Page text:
MIT's Carbon Nanotube Stamps Could Count Foods Freshness

By: Joey Haar - Dec 9, 2016
References: phys.org
Researchers from MIT have developed carbon nanotube stamps that could eventually be used in food and beverage packaging to display information about those items in real time. Though currently a concept, the carbon nanotube stamps are successfully able to print electronic inks onto both rigid and flexible surfaces. Since these inks are electronic, they could be programmed to display things like a countdown to when a food item will spoil or the precise temperature of a hot beverage.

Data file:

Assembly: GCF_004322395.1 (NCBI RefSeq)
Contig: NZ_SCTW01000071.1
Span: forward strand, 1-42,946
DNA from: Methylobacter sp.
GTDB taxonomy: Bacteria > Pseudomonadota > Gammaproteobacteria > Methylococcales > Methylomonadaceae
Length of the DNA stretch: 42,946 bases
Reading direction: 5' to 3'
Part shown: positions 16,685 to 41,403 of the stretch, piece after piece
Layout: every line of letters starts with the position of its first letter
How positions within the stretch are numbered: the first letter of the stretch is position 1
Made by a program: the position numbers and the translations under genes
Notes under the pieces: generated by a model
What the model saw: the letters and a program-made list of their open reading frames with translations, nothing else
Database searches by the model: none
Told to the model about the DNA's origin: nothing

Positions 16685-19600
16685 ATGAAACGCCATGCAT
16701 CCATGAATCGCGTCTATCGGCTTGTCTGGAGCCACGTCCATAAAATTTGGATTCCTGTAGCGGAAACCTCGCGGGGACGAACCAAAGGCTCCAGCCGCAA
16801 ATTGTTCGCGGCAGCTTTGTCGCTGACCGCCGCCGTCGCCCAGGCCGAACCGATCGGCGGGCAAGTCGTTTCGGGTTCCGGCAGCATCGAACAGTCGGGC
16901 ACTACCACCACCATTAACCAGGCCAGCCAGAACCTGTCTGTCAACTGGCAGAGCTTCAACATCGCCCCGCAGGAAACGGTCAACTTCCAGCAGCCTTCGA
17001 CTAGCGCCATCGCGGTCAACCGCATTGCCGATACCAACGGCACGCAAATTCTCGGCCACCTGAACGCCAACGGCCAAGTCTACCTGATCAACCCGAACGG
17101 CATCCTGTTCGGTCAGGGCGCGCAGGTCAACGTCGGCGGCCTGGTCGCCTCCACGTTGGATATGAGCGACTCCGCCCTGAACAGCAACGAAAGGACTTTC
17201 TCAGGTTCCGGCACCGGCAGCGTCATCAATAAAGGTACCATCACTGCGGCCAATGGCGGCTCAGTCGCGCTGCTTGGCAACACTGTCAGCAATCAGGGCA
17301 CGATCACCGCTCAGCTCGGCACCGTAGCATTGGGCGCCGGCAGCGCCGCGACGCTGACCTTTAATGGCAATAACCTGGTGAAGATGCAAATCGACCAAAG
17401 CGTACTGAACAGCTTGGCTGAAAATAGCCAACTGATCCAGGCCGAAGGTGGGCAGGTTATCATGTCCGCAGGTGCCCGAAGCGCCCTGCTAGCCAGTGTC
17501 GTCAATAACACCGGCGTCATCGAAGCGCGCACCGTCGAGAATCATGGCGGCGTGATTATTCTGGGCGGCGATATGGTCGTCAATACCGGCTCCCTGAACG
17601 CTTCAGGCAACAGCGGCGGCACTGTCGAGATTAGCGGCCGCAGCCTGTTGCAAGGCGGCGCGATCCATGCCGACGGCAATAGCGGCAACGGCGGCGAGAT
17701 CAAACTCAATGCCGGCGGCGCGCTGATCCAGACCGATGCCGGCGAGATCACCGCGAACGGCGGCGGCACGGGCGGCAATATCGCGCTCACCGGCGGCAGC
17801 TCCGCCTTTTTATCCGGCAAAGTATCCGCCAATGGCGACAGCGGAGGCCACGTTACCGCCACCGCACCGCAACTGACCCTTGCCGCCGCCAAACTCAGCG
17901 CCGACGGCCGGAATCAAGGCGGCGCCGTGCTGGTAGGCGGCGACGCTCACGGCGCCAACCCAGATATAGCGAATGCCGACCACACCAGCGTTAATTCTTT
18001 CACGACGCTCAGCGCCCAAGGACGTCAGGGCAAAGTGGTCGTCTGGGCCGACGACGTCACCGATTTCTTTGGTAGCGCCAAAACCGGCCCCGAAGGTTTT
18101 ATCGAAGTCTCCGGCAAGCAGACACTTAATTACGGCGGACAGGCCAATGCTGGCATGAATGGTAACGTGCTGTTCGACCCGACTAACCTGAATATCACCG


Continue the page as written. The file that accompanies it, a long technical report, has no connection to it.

To be sure, the current carbon nanotube stamps are prototypes. However, even with the current system, the MIT process is able to print transistors that could control individual pixels in displays and touchscreens. Since the ink could be stamped at the point of purchase (rather than at the factory,) it is an inexpensive option compared to producing packaging with all this tech built in.